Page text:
21. Gamerman, E. (2014, November 13). ‘Serial’ Podcast Catches Fire. The Wall Street Journal [Online]. Retrieved March 25, 2018, from https://www.wsj.com/articles/serial-podcast-catches-fire-1415921853
  22. Haggerty, K. (2009). Modern Serial Killers. Crime, Media, Culture, 5(2), 168–187.CrossRefGoogle Scholar
  23. Harkness, R. (2016, May 8). ‘Making a Murderer’ Fans have Found More Evidence Which may Help Prove Steven Avery’s Innocence. Uproxx [Online]. Retrieved March 25, 2018, from https://uproxx.com/tv/making-a-murderer-bird-bones-teresa-halbach-remains/
  24. Innes, M. (2004a). Signal Crimes and Signal Disorders: Notes on Deviance as Communicative Action 1. The British Journal of Sociology, 55(3), 335–355.CrossRefGoogle Scholar
  25. Innes, M. (2004b). Crime as a Signal, Crime as a Memory. Journal for Crime, Conflict and the Media, 1(2), 15–22.Google Scholar
  26. iTunesCharts.net. (2015). This American Life—‘Serial’: American iTunes Chart Performance. Retrieved March 25, 2018, from http://www.itunescharts.net/us/artists/podcast/this-american-life/podcasts/serial/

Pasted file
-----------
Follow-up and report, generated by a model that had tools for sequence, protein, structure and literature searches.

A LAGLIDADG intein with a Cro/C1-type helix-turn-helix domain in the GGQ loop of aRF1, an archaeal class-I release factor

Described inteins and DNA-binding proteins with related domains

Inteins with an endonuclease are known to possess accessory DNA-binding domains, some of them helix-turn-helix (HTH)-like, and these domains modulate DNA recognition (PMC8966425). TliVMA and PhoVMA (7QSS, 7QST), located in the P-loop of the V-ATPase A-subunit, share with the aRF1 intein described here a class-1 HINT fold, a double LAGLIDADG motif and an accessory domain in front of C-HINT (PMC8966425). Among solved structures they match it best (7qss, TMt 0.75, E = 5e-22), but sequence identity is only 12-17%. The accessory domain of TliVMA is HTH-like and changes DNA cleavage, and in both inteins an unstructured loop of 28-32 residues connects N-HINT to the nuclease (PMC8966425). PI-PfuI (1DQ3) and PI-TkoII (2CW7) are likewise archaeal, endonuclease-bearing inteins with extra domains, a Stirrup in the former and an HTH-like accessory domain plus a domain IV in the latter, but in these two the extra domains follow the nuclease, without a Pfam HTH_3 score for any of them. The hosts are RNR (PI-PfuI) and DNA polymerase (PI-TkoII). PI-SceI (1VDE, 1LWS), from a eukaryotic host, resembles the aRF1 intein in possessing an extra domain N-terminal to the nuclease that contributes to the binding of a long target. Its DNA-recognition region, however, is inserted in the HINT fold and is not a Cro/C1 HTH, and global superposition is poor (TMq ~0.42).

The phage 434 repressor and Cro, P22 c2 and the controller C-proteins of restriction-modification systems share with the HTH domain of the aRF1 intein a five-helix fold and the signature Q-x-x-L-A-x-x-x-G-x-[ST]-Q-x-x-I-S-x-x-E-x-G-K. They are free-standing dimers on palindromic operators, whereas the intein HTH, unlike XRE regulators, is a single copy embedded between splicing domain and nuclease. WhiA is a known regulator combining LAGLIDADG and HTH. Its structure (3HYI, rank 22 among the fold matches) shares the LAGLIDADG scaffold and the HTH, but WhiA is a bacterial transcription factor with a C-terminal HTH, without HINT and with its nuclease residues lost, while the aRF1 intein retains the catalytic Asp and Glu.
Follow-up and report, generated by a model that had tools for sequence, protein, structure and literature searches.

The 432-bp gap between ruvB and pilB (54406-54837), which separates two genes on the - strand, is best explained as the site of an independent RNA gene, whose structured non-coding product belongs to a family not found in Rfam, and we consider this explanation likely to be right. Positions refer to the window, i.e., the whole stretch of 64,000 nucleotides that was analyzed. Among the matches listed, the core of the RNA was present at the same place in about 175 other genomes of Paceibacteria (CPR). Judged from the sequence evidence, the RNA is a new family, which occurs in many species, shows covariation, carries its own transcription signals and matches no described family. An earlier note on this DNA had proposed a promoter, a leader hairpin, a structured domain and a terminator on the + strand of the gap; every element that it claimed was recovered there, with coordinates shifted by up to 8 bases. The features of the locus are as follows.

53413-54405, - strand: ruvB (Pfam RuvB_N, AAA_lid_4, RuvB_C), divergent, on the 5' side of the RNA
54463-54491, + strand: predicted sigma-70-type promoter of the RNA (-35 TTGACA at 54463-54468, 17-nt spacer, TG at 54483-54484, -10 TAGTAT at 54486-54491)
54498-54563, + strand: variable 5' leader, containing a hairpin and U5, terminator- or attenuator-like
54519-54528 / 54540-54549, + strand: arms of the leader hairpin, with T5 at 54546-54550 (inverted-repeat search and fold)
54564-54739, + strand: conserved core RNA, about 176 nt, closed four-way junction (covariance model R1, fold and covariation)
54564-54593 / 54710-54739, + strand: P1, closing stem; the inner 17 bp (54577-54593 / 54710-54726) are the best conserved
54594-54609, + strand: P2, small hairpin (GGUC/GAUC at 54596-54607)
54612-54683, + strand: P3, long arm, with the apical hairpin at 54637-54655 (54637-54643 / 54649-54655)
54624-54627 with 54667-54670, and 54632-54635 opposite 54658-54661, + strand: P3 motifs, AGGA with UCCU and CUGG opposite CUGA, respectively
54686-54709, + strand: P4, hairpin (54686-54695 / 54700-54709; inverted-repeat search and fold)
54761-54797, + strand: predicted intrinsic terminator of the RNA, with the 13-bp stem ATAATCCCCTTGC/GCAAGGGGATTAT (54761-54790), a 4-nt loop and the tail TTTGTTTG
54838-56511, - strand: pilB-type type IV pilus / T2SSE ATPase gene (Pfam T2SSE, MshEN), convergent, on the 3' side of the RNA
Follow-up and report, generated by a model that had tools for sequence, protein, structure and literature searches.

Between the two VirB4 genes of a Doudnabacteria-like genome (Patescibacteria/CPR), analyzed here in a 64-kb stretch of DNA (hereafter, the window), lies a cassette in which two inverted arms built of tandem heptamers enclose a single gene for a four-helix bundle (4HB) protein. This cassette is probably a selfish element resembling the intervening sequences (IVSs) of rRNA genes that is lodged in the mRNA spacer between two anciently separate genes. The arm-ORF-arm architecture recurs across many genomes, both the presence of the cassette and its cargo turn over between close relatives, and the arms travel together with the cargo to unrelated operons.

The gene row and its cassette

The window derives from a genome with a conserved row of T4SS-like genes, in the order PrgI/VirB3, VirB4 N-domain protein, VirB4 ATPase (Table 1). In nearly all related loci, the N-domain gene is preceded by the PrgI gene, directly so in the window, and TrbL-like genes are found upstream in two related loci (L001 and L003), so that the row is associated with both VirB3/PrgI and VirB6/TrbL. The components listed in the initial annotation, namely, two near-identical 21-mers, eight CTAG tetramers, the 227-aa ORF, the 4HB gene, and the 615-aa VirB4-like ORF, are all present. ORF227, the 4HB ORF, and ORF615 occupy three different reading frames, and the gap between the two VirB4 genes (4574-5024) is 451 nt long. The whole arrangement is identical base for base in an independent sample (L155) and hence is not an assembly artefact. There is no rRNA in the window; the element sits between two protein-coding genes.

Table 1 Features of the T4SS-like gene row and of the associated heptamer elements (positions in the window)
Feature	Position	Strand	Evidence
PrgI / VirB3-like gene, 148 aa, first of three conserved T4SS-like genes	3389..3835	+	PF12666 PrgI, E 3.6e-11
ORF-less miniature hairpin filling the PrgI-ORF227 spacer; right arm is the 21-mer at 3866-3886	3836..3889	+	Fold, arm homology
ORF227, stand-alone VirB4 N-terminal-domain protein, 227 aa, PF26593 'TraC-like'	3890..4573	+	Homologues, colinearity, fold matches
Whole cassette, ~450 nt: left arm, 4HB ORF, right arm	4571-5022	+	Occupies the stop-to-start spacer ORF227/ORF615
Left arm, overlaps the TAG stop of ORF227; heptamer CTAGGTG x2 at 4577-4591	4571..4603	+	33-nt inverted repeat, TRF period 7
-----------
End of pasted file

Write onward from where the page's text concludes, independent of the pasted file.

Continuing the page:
27. Jenkins, H. (2006). Convergence Culture. New York: New York University Press.Google Scholar
  28. Jenkins, H. (2012). ‘Cultural Acupuncture’: Fan Activism and the Harry Potter Alliance. Transformative Works and Cultures, 10. Retrieved June 24, 2018, from http://journal.transformativeworks.org/index.php/twc/article/view/305/259
  29. Jenkins, H. (2014). Rethinking ‘Rethinking Convergence/Culture’. Cultural Studies, 28(2), 267–297.CrossRefGoogle Scholar
  30. Jenkins, H., & Deuze, M. (2008). Editorial. Convergence: The Journal of Research into New Media Technologies, 14(1), 5–12.CrossRefGoogle Scholar